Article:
Four Tools for Getting Started in Social Listening

Social listening refers to the practice of tracking what is said about a subject in the news, in blogs, and in other areas online. Usually, social listening connects with brand management, wherein companies monitor discussions around their products and reputations. But social listening is also a good strategy for building content knowledge and mastery toward an effective blog.

Many — perhaps too many — online tools exist for social listening. Some tools are web-based, others are app-based, and still others are desktop-based. Some feature syncing across platforms and devices, while others stand alone. Some even come right to your inbox.

This abundance creates the potential to customize these options to your preferences. Many tools offer similar functions, but though they might try, no single tool offers everything you need in one place. The best approach for starting involves choosing a few options, trying them for a while, and then evaluating their effectiveness.

What options you choose depends on where you “listen” most online. Listening can occur on news sites, social media sites, blogs and blog networks, hashtags and trending topics, dedicated content apps, and even general web searches, just for a few examples.

Below are four tools I use for social listening about documentary.

1. Google Alerts

A Google Alert delivers email notifications of web search results. Enter your keywords in the search box, and then tweak the frequency, sources, language, location, and quantity below. Add your email address and that’s it!

Setting up a Google Alert
Setting up a Google Alert is a simple process.

I created a daily alert for the word “documentary” in order to discover as wide of possibilities possible. The daily email arrives with 100+ links from both quality sources and some more questionable ones (read: ads). The expected news sources appear — Variety, The New York Times, indieWire — but some unexpected links include festival announcements, local newspapers, and crowdfunding campaign listings. One local news story announced the new director of the Hot Springs Film Festival, while another webpage announced a new program at the Big Sky Documentary Festival.

2. RSS Reader

RSS” stands for “really simple syndication.” Syndication is the process of distributing content to multiple outlets, such as newspapers or television channels. An RSS reader gathers content from multiple outlets into one place, such as an app or a website.

I use an RSS reader called Reeder 3 for MacOS. Reeder makes it simple to add a new feed:

Reeder 3 greatly simplifies the adding of RSS feeds.

The reader then will update with new content as it becomes available. Note that some RSS feeds show only a preview of the content and thus require you to visit the site, and some RSS feeds include ads. Reeder also allows grouping feeds, tagging links, and opening them in Firefox.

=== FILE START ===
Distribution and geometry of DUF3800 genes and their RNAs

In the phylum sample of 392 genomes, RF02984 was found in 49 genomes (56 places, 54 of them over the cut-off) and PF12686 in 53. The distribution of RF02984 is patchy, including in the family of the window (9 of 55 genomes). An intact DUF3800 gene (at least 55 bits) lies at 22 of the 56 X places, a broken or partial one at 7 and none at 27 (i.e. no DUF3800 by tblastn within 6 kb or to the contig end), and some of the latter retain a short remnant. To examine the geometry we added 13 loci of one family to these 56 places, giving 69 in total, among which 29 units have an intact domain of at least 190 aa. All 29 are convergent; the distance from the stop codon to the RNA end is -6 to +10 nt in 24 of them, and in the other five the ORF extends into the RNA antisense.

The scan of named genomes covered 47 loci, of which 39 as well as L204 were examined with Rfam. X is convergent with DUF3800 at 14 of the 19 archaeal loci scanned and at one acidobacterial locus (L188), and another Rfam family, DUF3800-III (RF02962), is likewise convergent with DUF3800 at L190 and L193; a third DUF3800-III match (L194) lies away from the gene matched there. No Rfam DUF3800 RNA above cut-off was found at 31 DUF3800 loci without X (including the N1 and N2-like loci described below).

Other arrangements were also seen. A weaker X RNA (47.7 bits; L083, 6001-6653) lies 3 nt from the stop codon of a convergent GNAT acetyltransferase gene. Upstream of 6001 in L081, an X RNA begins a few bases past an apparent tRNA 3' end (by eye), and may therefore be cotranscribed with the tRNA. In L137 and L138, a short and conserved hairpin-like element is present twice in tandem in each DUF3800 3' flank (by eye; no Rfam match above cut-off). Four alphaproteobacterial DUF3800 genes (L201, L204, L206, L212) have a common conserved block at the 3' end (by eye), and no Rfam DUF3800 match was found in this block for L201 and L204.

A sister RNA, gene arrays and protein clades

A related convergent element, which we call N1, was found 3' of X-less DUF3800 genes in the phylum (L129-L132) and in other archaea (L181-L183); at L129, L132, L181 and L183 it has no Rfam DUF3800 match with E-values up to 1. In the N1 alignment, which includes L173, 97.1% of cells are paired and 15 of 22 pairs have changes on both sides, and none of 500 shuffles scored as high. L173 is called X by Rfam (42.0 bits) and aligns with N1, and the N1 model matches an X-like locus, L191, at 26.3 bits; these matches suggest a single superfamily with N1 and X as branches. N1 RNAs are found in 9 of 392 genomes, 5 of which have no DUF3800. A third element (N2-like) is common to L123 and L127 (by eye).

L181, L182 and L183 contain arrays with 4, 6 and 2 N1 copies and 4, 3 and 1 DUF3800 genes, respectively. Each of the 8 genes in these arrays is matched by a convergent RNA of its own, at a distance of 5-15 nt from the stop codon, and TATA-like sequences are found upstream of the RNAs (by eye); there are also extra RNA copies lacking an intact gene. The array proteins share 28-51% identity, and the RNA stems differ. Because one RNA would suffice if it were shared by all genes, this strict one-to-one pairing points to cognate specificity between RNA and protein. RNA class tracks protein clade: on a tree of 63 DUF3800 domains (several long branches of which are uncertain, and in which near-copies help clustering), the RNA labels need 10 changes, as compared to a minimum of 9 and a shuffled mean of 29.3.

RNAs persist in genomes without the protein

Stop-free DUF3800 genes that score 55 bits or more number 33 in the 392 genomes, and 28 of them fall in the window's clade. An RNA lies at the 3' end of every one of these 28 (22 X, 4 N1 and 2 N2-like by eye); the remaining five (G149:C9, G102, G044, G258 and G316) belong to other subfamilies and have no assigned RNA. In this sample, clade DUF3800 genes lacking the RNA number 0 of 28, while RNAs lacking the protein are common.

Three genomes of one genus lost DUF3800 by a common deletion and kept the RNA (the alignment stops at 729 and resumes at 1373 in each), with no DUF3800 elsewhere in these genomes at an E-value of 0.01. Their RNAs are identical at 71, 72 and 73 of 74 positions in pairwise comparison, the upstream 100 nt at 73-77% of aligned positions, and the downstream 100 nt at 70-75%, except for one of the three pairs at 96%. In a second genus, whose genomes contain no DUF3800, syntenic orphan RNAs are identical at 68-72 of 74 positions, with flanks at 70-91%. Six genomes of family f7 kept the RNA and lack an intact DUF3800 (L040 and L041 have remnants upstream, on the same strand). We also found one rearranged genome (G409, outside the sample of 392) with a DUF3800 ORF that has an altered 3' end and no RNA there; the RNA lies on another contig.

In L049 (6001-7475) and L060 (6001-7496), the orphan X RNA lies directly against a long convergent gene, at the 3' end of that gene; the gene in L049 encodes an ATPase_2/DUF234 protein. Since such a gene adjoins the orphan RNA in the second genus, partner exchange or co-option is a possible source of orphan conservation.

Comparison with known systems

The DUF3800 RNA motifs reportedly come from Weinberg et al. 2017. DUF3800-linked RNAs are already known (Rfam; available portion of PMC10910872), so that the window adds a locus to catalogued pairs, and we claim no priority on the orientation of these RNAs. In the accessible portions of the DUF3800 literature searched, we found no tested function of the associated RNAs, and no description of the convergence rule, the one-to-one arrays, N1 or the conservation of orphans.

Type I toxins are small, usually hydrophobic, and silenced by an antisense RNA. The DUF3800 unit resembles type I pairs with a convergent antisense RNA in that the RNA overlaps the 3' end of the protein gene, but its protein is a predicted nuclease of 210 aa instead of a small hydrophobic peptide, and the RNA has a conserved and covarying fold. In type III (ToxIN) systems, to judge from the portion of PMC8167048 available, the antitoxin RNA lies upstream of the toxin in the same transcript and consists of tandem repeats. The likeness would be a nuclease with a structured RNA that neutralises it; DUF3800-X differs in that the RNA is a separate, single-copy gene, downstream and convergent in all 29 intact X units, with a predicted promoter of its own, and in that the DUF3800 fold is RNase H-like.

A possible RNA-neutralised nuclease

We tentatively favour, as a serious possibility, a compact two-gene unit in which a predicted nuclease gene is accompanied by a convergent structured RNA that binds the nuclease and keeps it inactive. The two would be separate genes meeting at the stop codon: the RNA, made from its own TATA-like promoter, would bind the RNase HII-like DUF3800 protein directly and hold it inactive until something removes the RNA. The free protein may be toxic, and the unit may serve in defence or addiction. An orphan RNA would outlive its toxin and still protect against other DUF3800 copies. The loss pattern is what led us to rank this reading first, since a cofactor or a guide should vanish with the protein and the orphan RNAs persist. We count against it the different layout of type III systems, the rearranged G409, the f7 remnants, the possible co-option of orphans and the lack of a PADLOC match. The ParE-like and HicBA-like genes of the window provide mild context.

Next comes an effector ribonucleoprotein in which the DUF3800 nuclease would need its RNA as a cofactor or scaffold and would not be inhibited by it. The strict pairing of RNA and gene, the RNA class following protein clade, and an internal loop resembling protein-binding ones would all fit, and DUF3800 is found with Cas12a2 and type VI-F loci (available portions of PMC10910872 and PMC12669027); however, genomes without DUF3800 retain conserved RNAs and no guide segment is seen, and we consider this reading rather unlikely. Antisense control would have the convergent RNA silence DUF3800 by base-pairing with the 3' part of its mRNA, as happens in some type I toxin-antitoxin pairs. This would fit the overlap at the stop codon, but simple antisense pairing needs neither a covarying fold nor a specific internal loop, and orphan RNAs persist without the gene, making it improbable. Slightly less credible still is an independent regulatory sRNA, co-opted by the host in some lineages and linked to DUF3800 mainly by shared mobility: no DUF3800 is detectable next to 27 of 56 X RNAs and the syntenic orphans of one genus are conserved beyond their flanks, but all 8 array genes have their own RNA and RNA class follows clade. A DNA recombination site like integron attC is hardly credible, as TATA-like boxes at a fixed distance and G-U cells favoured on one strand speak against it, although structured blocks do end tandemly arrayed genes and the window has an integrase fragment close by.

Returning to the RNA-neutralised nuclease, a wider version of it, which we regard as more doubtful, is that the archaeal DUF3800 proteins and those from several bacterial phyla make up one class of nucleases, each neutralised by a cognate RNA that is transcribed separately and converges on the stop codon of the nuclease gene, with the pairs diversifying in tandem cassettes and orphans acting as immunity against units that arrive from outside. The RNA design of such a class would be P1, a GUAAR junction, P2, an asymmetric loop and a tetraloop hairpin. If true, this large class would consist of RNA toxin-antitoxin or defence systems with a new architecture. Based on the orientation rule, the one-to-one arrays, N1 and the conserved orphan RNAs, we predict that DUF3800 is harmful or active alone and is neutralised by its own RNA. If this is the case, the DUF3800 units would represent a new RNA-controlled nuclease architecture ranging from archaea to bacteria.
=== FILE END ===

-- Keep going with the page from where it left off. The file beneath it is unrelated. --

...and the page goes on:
Sites such as Nonfics and the Center for Media and Social Impact offer the option to add their content to a reader. Social networking sites such as Facebook and Twitter used to allow RSS, but in closing their platforms they eliminated the option.

3. Hootsuite

While an online presence manager first and foremost, Hootsuite also functions as a tool for social listening. It aggregates multiple social networking accounts from sites such Twitter, Facebook, Instagram, and YouTube into one place.

Hootsuite allows the management of multiple social networking sites.

Within a specific social network, Hootsuite features the monitoring of multiple feeds. With Twitter, for example, feed options include mentions, retweets, followers, lists, and likes. I use some private lists on Twitter to follow some key accounts, and Hootsuite offers more direct access to them than using Twitter itself, which buries them under a menu.

For each social network, Hootsuite offers options for customizing your views.

Hootsuite comes in both web-based and tablet app-based access. Admittedly, I use Hootsuite the least among these options since it requires logging in to a website when using a desktop.

4. Email Newsletters

Multiple organizations and websites release free newsletters. (Some sites are a bit obnoxious about requesting you sign up with those pop-up screens.) When done well, these newsletters bring new information conveniently to your inbox.

The range of materials I have received so far has been interesting. New Day Films sent a brief one announcing new films. The International Documentary Association sent event notices, new releases announcements, and information overviews. The National Film Board of Canada has been excited about the nation’s 150th anniversary, and it has been sending links to all kinds of neat shorts and features such as “Canadian History in 10 NFB Films” and William Shatner singing “O Canada.”

Docs in Progress even invited me to me to submit an update about my documentary. (Maybe someday!)

The tools mentioned above are only a start with practicing social listening. The ones you use depend on your site goals, and the ones you begin with are just that: the beginning. The tools and their applications will change as your blog develops and grows.